The U.S. rare coin market has benefited from numerous advances in technology and other innovations, most recently the introduction of the two major certification companies in the 1980s, followed by the ubiquity of the Internet in the 2000s. Although the market has largely flown under the radar from institutional investors, there has been a massive increase in demand for U.S. rare coins over the last decade, which has ramped up during the pandemic, as wealthy individuals have more time to pursue their interests and compete (via a publicly available points system) to own the finest rare coin portfolios. According to Michael Contursi, Partner at Contursi Rare Coin Investments, “The high end of this market is currently dominated by ultra-wealthy, sophisticated collectors and investors who can afford to own multi-million dollar portfolios. Imagine if these assets could be fractionally owned by the masses. We are already currently seeing this in collectibles such as fine art and baseball cards. The upside for U.S. rare coins is astronomical when you consider the potential for an exponential increase in demand.”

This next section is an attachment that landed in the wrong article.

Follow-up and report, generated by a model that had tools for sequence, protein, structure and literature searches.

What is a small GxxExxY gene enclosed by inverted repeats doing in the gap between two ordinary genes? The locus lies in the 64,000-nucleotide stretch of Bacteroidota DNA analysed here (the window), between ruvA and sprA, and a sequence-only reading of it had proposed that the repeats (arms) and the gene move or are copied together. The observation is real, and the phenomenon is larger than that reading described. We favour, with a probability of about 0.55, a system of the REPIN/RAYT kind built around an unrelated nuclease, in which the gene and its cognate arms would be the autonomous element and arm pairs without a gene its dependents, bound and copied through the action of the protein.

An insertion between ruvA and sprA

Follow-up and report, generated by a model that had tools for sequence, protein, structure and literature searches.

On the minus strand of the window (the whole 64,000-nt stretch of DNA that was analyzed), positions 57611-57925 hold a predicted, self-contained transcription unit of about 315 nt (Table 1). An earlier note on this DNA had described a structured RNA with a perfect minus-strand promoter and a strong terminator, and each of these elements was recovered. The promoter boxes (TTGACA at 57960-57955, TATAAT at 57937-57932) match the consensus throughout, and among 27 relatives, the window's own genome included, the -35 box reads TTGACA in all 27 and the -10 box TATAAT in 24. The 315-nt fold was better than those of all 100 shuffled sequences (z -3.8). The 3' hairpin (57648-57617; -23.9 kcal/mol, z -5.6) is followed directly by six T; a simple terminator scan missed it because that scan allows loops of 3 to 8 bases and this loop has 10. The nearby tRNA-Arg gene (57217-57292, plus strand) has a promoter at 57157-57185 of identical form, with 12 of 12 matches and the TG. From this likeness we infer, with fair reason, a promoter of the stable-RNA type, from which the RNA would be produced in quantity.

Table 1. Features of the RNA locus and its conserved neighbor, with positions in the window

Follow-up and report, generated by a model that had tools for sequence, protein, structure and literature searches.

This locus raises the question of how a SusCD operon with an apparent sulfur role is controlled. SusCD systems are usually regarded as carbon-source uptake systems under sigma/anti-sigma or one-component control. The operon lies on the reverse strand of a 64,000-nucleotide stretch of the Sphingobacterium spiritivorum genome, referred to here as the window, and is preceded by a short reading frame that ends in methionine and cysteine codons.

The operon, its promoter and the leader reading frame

With unprecedented fiscal and monetary stimulus, coupled with a finite supply of U.S. rare coins with intrinsic value, these assets have proven to be an excellent hedge against inflation due to this disequilibrium of supply and demand. As the least volatile of the three “coin” markets here, the high end value of the U.S. rare coin market can be a safe diversification tool for those seeking an inflation hedge, largely based on historical price appreciation data from the last 125 years.